Have utilities, mortgage, insurance and other recurring costs automatically paid from your bank account to ensure continuity.

Purchase Annuity

These insurance products provide set income for life to cover basic living expenses and reduce risks of poor money management.

Discuss Plans with Family

Tell loved ones about your financial access plans if you become unable to manage money. Involve them in assessing agents named.

Monitor All Accounts Closely

Review monthly statements and financial reports even if someone else is assisting you. Watch for questionable charges or activity.

Seek Professional Fiduciaries if Needed

If no trusted person is able to assist with finances, independent professional fiduciaries manage finances fully.

Planning ahead and vigilance reduces fraud risk in case abilities decline. You worked hard for that money. Protect it.

Beware of Scams Posing as Fraud Protection Services

Ironically, scammers are now posing as fraud protection services and advisors offering to help seniors avoid financial scams. Examples include:

Fraud Protection Forms – Fake liability waivers circulated claiming that signing protects assets from fraud but actually grant access.

Sham Trust Advisors – Unqualified advisors provide unsuitable recommendations to place money into shady trusts under pretense of safety.

Vault Deeds – Scammers convince seniors to sign over deed to home promising it protects assets then steal the home equity.

Unnecessary Services – Bad actors pretend to provide financial management help but charge outrageous fees without truly protecting assets.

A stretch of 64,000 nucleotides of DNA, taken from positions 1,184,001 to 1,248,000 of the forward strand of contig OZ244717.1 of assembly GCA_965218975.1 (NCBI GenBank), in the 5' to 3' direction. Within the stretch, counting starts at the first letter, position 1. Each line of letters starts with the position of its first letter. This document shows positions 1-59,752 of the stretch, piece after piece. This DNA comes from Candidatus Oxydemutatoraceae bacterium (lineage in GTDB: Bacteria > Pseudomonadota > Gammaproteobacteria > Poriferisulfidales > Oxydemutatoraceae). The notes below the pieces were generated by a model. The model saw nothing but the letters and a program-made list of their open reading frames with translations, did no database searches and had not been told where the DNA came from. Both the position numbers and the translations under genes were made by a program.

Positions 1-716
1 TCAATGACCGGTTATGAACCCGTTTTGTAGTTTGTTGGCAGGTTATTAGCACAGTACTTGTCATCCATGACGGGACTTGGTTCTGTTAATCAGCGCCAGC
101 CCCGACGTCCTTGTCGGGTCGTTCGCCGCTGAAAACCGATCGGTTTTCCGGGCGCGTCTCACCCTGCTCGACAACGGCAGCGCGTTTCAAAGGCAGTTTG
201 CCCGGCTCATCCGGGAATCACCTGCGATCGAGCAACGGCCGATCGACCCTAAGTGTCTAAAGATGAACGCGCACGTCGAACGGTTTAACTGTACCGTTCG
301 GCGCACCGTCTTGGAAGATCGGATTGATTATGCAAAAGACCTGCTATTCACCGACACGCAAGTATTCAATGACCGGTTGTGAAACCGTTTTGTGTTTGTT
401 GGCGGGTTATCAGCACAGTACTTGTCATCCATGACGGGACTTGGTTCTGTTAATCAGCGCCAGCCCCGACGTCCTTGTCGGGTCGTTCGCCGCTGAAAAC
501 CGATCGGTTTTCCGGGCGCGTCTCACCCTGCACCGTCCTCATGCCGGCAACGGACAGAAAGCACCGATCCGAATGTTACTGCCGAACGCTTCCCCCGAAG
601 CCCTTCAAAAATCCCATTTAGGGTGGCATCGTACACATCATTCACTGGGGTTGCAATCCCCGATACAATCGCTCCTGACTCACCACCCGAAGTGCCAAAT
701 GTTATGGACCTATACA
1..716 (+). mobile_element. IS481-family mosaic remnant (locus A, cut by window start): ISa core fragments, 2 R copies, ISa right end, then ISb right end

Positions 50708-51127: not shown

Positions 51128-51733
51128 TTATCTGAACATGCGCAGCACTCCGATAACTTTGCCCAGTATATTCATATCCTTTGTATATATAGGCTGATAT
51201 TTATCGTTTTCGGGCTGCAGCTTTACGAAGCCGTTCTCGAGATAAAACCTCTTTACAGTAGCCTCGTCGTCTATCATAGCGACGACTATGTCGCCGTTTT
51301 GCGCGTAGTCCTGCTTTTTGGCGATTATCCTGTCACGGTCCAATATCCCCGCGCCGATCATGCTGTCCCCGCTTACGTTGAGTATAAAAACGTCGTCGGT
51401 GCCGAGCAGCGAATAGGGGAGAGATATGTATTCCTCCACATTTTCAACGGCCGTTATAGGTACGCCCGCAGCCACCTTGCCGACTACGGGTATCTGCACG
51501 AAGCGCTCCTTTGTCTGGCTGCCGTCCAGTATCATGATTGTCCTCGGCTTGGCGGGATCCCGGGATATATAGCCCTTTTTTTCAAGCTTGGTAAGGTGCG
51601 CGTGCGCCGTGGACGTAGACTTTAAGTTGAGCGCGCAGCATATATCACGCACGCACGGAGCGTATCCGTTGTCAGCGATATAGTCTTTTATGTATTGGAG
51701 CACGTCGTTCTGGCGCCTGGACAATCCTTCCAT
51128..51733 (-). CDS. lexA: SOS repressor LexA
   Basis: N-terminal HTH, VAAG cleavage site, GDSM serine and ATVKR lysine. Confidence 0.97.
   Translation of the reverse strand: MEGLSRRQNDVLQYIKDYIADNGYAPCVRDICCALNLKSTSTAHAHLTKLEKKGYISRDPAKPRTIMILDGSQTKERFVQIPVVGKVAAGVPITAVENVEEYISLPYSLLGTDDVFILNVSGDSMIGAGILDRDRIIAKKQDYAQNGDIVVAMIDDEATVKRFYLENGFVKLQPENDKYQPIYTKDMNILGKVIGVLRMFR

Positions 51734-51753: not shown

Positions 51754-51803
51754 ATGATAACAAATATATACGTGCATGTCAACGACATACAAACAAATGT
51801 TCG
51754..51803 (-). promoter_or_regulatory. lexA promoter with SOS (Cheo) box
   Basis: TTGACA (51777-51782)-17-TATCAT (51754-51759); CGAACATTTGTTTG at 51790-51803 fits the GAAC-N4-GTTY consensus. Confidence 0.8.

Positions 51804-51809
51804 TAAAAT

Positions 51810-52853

Apply the same precautions used to avoid scams if approached with offers for fraud protection. Vet providers thoroughly, get agreements reviewed legally, and don’t allow urgency or fear to override your common sense.

Reporting Financial Scams

If you discover money stolen by a scam, report it immediately to stop losses and help prevent others being victimized. Contact:

  • Your bank if the scam relates to your accounts, credit or debit cards. Close accounts immediately.
  • The FBI through the Internet Crime Complaint Center at www.ic3.gov for cyber crimes or exploitation impacting finances.
  • Your state attorney general or the FTC to report scams or unfair business practices at www.ftc.gov.
  • Local police or sheriff departments for in-person scams or elder financial abuse depending on amount stolen.
  • The U.S. Postal Inspection Service for mail fraud at 1-877-876-2455 or uspis.gov.
  • The Social Security Administration Office of Inspector General for Social Security scams at 1-800-772-1213.
  • AARP’s Fraud Watch team to report and track fraud trends at 1-877-908-3360 or aarp.org/fraudwatchnetwork.

Reporting helps authorities recover losses, trace criminals, shut down scams, and prevent further victim